The WTO Chair at the University of Tunis helped build a network of trade researchers and experts all over the Middle East and North Africa. This vibrant ecosystem, which led to the publication in academic journals of 20 papers, proved his resilience after the end of its WTO funding. The chair holder was able to get funds from several partners to launch new collaborative projects. In a nice example of responsiveness to social demand, the WTO Chair in Tunisia partnered with the French Institute of Development to explore the impact of COVID 19 on firms in Tunisia and in developing countries in general. The latter project is funded by the French Agency for Research on AIDS and Viral Hepatitis (ANRS).
Testimonies from advisory board members
Through the WTO Chairs Programme, the WTO is cultivating the next-generation of thought leaders for trade in developing countries. Arguably, the greatest impact that the Programme will have is through the numerous students trained by the WTO Chairs. Take the example of Julian Rotenberg, a student of Argentina’s WTO Chair, Valentina Delich. At the WTO Ministerial Conference in 2017, Professor Delich organized an amazing academic side event at which I met Julian and learned of his interest in digital trade issues. After he graduated, Julian went on to work with Argentina’s Undersecretary for Foreign Trade, and we kept in touch. I encouraged him to apply for graduate studies at Harvard Law School, where I had the privilege of supervising his research paper. His paper analyzing the WTO consistency of privacy-based cross-border data flow restrictions is truly cutting-edge research, and won the prestigious Vance Prize for the best paper in trade/customs law in 2020. This is but one example of the serendipitous connections that the WTO Chairs Programme enables for promising students in developing countries. These small investments are already reaping dividends through the students’ tremendous achievements, which will only grow in the years to come.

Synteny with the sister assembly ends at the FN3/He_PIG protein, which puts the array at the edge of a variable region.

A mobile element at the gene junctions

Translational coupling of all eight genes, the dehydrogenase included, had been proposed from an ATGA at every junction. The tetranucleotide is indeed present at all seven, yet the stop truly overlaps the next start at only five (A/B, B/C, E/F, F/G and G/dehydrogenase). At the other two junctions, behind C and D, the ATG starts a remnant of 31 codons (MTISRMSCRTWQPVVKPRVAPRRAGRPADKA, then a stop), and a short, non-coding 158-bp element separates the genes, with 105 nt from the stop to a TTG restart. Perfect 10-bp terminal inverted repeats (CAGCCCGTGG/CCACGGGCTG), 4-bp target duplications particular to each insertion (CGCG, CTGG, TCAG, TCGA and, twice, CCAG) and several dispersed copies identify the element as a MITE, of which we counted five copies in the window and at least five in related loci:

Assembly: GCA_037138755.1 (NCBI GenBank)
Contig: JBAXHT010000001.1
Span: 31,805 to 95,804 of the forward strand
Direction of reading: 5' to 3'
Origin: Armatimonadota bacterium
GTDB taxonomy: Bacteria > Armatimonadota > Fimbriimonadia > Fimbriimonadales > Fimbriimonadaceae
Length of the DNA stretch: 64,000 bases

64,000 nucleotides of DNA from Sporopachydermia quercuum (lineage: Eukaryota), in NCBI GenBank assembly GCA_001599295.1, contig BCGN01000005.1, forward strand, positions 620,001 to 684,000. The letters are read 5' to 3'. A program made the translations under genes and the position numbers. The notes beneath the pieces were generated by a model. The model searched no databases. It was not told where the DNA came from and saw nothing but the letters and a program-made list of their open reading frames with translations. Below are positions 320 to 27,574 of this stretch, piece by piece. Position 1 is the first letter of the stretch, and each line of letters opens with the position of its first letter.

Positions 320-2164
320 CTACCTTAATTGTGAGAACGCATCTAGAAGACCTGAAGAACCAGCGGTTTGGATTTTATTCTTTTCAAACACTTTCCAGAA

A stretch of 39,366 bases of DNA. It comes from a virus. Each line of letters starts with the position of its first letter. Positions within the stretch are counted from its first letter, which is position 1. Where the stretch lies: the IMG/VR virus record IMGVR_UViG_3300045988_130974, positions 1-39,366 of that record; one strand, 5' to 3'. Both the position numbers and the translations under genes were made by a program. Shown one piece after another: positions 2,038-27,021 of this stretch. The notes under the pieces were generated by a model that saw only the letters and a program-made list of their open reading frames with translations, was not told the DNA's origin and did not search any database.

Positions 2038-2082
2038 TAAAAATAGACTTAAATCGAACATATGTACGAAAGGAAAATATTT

One of the unsung virtues of the WTO Chairs Program has been its catalytic role in prompting South-South discussions of trade and cross-country learning. Two small examples illuminate that point. The WTO Chair in South Africa, Prof. Wilma Viviers, had created a wonderful tool for helping governments direct their scarce resources promoting export. The tool, called the Decision Support Model, used detailed WTO product level data configured as a decision tree to identify potential, high value added exports. While working on Rwanda, I was delighted to enlist the South African team’s support to provide analysis to Rwandan officials, and their 172 page report proved to be of enormous value. A second example was the request of the Chile WTO Chair, Prof. Dorotea Lopez Giral, to discuss the effects of Covid-19 on African trade to a University of Chile audience. Connecting up three continents, the Kenyan WTO Chair, Prof. Tabitha Kirti in Nairobi, and I from Washington, conducted a wonderful discussion with a Chilean audience. These types of connections would simply have not happened had it not been for the WTO Chairs program.
The WTO Chairs programme is invaluable. Through the Chairs’ Outreach pillar, the chair holders familiarize stakeholders in developing countries with the WTO, bringing clarity to its role. Chairs complement this with a teaching curriculum that trains students in the intricacies and benefits of the multilateral trading system, with the WTO as its guardian, thus preparing the next generation of trade-policy makers. The Chairs buttress this with acute research on the system and the WTO, including by periodic contributions to WTO volumes on trade and related matters. These activities are supported by a highly professional unit at the WTO Secretariat. This package is considerably beyond technical assistance—it encourages and enables developing country Members to be their own best source of trade policy advice.